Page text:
Why Most Startups fail? 8 Common Reasons
A startup is a company which must grow faster and and should have potential to disrupt the market. To reach this level, there must be a checklist of things that should be in place in order to achieve success. However, almost 90% of startups fail. In this article, we explore various reasons that lead to failure of most startups;
- Vague Idea with vague business Model
The idea is the actual blueprint of any startup. This means that an idea must be pecise , staight forward and has potential to solve a market problem. With a vague idea also comes a vague business model. Most Startup Entreprenuers fail to build a good business model that could ensure the continuity of their business. Having a good business model, means that a startup should have the capacity to generate revenue and ensue its survivability. Hower, without it, most startups fail to find ways to make money at scale leaving investors hesitant and founders unable to capitalize on any traction gained.
- Failure to build a good team
Running susccessful statups need an organized, goal diven and well-motivated team in place. Unfortunately, many startups fail to put together the right team, essential for the success of the business. Some techie startups would have the technical team comprising of; software engineers and programmers but they fail to build a top-notch business team, necessary for the pomotion of the product. Having a diverse team with different skill sets is very critical to the success of any startup. When founding team can’t put out product on its own, then they shouldn’t be founding a startup business. It is therefore the role of the founders to find the right means of bringing onboard a better team without incurring more expenses. Usually, the easiest strategy is to be willing to offer a certain amount of equity to people with attractive skills set required for the smooth running of the business.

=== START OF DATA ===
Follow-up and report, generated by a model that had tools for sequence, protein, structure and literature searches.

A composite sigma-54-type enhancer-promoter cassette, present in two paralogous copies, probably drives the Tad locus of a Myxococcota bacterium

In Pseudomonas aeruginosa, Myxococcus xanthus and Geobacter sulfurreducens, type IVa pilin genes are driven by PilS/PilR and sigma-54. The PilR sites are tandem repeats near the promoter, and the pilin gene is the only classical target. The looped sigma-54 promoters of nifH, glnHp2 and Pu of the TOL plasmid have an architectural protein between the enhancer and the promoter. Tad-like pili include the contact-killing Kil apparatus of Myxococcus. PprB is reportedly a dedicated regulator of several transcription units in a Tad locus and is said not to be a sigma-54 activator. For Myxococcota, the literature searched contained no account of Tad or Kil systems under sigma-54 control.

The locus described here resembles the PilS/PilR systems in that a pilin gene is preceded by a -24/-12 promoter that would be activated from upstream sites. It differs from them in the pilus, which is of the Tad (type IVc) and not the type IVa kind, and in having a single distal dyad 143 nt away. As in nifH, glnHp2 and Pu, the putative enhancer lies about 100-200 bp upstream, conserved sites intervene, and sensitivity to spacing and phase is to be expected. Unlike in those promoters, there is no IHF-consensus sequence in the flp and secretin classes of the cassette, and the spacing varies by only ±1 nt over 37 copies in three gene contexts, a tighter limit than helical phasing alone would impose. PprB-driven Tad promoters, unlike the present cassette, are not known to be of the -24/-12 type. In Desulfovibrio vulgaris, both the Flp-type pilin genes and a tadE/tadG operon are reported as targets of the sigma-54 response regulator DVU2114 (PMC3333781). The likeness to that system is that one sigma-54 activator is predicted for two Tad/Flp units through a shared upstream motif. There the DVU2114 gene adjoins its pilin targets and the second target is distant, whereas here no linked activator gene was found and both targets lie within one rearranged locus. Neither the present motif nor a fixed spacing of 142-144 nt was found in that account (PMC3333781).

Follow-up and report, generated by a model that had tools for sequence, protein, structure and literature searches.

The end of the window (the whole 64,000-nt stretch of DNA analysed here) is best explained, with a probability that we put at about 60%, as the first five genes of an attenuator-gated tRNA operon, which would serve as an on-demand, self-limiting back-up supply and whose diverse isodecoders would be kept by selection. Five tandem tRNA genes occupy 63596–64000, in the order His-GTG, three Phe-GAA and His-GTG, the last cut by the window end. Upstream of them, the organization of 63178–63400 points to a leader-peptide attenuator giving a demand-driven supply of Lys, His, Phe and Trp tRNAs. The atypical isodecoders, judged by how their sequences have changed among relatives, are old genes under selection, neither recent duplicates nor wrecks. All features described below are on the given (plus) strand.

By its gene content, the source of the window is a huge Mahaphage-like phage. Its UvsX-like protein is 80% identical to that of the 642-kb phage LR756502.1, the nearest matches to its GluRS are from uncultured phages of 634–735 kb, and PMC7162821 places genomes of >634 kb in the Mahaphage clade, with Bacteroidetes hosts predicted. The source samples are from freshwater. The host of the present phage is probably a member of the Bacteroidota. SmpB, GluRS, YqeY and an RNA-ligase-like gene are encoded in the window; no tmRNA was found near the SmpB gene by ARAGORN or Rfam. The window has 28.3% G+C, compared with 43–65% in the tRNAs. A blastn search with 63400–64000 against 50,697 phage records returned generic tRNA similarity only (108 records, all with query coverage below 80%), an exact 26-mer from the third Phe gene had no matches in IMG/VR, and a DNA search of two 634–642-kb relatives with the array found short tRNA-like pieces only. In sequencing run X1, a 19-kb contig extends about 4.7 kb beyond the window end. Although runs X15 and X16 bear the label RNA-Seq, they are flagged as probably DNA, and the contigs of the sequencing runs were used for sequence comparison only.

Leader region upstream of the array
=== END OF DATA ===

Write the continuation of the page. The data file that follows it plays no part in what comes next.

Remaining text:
- Lack of market demand
When a startup idea is vague with no philosophy to serve a market need, it will definitely fail. According to CBI insights findings, over 42% of startups fail after being unable to solve a market problem. Many startup enteprenuers especially those from tech-related businesses spend most of their time in working on the technical aspect of their products while ignoring another important aspect of their business, which is the market. Understanding the market dynamics and trends before launching a startup is very crucial because it gives an indepth insght of the behaviors of the audience and the nature of competitors available. Most startups ignore the needs of the market but instead focus on solving what interests the founders. Entreprenuers solve for the market and not for themselves!
- Leadership & Management crisis
According to Supper Club, of all the companies that failed from 2011 to 2013, poor management was to blame 50% of the time. Founders of most Startups lack the necessary leadership skills of being a CEO. In fact most of them could have the technical knowledge of the product they’re building but lack the managerial skills to run the company. Founders may have great ideas and limitless ambitions but lack fundamental management ability. Running a successful startup requires a good leader who is acquainted with a diverse range of responsibilities such as planning, organizing, staffing, and directing.
- Poor Decision making